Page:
“Welcome to 3029 Brickell Ave, the home of Gunther the Sixth,” Assouline says. “This was one of the most unique listing pitches we’ve ever experienced, as the final approval on who the listing agent would be came from the wealthiest animal in the world.”
The bizarre news of Gunther VI – alleged inheritor of a late German countesses’ multimillion-dollar trust – selling Madonna’s former mansion (asking price: $31.75 million) captured the internet’s attention last week, generating headlines in Architectural Digest, Forbes, and the Associated Press. AP photographer Lynne Sladky even visited the sprawling property and snapped photos of a German shepherd lounging by the pool and chasing a tennis ball, all while sporting a faux diamond collar.
Of course, if a tale about Madonna, a millionaire dog, and the latter’s waterfront mansion seems too good to be true, that’s because it probably is.
This particular legend has it that Gunther inherited a $150 million trust from a German countess named Karlotta Liebenstein when she died in 1992.
New Times was unable to find any record confirming that a wealthy German countess named Karlotta Liebenstein ever lived.
Media reports dating back 30 years suggest the story of Gunther’s vast inheritance may all be an elaborate hoax — one that resurfaces every few years, baiting journalists into attracting publicity to the Gunther Corporation.
If Wikipedia is to be believed, Gunther Corporation is a multimedia production company based in Pisa, Italy. But the Florida Department of State’s website Sunbiz.org lists Gunther Corp. as a Florida corporation with all registered agents and addresses, including 3029 Brickell Ave., listed in Miami.
“This is a totally made-up story,” a person with “direct knowledge of the situation” recently told the New York Post. “There is no dog. There never was a dog. The owner thought it would be a fun way to score a reality TV show. That’s it.”
An eccentric Italian man named Maurizio Mian is reported to be the mansion’s real owner, according to the Post. Mian is quoted in dozens of newspapers over the years promoting various versions of Gunther’s lore and at least once admits that the story of the dog’s inheritance was all a publicity stunt before retracting his statement.
“It was just an invention to publicize the philosophy of the Gunther Group and the Gunther Foundation,” Mian told an Italian outlet, according to a Tampa Bay Times article from 1995. Mian later backed off that admission, saying he was “only trying to throw off an Italian press” that had been unfair to the Gunther Foundation, now known as the Gunther Corporation.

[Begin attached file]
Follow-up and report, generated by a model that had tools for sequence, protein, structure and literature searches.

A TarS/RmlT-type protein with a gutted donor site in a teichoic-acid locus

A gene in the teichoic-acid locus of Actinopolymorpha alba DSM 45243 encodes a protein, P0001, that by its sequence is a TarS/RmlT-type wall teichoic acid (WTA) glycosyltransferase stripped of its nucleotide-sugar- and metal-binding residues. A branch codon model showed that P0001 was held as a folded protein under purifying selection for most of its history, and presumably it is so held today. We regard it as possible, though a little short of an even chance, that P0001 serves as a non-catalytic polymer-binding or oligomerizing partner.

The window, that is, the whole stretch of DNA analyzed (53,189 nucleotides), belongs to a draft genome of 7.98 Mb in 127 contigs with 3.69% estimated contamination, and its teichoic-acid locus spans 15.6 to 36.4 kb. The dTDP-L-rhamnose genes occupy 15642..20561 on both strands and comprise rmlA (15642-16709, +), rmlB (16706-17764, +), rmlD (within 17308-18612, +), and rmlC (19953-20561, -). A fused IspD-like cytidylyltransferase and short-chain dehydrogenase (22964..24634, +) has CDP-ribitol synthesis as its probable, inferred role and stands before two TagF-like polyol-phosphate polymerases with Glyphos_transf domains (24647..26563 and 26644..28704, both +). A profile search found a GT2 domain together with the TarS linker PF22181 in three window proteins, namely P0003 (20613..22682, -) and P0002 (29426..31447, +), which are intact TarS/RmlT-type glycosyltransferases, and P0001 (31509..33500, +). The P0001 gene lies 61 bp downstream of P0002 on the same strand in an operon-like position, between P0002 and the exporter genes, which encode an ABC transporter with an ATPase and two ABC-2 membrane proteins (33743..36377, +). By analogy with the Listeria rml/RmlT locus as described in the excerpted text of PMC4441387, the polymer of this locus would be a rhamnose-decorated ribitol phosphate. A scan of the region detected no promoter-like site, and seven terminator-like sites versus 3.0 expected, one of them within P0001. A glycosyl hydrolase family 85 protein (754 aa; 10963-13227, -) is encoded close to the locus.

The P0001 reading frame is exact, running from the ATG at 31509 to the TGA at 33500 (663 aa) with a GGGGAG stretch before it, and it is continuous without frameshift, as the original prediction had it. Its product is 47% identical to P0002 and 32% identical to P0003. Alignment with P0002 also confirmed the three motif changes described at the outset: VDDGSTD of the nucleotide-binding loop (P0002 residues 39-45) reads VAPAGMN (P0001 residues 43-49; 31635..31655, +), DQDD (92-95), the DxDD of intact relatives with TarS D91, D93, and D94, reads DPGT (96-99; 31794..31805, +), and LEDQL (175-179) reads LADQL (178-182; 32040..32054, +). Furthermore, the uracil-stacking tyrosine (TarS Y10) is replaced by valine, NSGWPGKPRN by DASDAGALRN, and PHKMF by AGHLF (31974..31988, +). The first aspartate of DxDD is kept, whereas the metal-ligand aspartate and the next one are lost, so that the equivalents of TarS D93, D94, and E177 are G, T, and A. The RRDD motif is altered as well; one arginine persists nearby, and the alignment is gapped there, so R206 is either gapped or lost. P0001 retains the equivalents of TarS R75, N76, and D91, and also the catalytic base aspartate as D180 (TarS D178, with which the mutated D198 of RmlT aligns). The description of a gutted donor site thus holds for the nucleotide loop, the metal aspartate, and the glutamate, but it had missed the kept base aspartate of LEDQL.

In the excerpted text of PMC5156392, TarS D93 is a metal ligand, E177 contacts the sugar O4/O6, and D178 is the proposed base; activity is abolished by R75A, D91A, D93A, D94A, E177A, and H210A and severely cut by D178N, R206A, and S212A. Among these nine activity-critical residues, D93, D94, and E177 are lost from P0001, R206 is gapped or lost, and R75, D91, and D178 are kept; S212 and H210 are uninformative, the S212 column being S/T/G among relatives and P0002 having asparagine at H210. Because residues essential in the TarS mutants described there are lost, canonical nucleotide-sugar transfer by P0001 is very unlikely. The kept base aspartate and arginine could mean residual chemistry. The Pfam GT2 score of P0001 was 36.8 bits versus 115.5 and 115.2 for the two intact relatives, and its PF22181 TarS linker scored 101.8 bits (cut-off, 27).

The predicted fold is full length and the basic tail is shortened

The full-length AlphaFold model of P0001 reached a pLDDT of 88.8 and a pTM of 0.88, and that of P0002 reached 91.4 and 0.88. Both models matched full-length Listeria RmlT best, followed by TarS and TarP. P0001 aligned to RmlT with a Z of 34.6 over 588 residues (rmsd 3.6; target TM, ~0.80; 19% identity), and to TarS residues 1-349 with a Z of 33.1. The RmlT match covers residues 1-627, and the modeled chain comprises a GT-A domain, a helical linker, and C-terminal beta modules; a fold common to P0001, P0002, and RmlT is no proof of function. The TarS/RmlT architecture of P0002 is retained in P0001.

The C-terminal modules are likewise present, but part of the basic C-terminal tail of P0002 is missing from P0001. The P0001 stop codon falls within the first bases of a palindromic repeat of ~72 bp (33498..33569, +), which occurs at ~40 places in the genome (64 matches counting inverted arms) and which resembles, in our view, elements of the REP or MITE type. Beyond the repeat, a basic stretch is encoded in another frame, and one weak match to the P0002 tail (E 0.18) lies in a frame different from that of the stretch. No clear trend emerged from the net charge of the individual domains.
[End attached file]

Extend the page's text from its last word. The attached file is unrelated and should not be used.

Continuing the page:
An April 12, 1994, edition of the tabloid Weekly World News — notorious for its freakish and mostly fictional stories — includes an article about Gunther IV, titled “DOG TO INHERIT $12 MILLION!”
“The pampered pooch is living the good life on an estate near Pisa while he waits for his inheritance from a wealthy German countess,” the article reads.
Years later, Gunther was back in the news when the Miami Herald and other outlets wrote about the dog’s desire to purchase Sylvester Stallone’s waterfront estate in Miami. In January 1999, then-Washington Post reporter Howard Kurtz described how Herald journalists took the Gunther Corporation’s bait.
“Gunther wound up taking a sizable bite out of the Herald‘s credibility, along with the local stations that barked up that tree,” Kurtz wrote. “The Herald ran a light follow-up, saying the episode may rank among Miami’s all-time best — worst? — publicity stunts.”
Then, in July of 2000, the Sun Sentinel published a Gunther story headlined “Madonna’s Mansion Goes to the Dog.” While the article doesn’t outright debunk the tale, journalist David CM-Azares questions whether Gunther “really has a $150 million trust fund from a wealthy countess who died in 1992.” (“Could this be another hoax?” he asks.)
In 2002, Gunther reportedly became the “new president” of a soccer club owned by Mian, according to a story in the Italian press. A more recent article, published in August 2021 by the soccer news site Goal, describes how Mian had appointed Gunther as honorary president of the club as a media stunt.
“The German shepherd, in Mian’s project, is the means to attract mass media attention to Pisa and, in general, to its activity,” the story (translated from Italian) states.
Ethan and Ruthie Assouline, real estate brokers for the Miami mansion owned by the Gunther Corporation, didn’t respond to New Times‘ request for comment via email. (Last week Ruthie Assouline told the Post that she was unaware that the dog did not own the property.)
But Assouline publicist Gaby Harris presented New Times with a document signed by Caryl Lashley, an attorney representing the Gunther Corporation, declaring that “Gunther the Dog” is the beneficiary of the trust and therefore owns the property. The one-page document is signed by Lashley and dated Monday. It’s embossed with a seal that says “Gunther Corporation.”
New Times was unable to confirm the identity of the German shepherd in Assouline’s YouTube video and the AP’s photos.
Harris said Gunther was unavailable for a Zoom interview and did not immediately respond to New Times‘ question about his reasons for wanting to sell a property that he seems to so thoroughly enjoy.
Mian couldn’t be reached for comment via email and phone.
In a phone call with New Times, Mian’s certified public accountant, Michael Lewis, declined to comment on Gunther’s story, and laughed at the idea of a reporter attempting to set the record straight.
“Good luck with that,” he said before hanging up.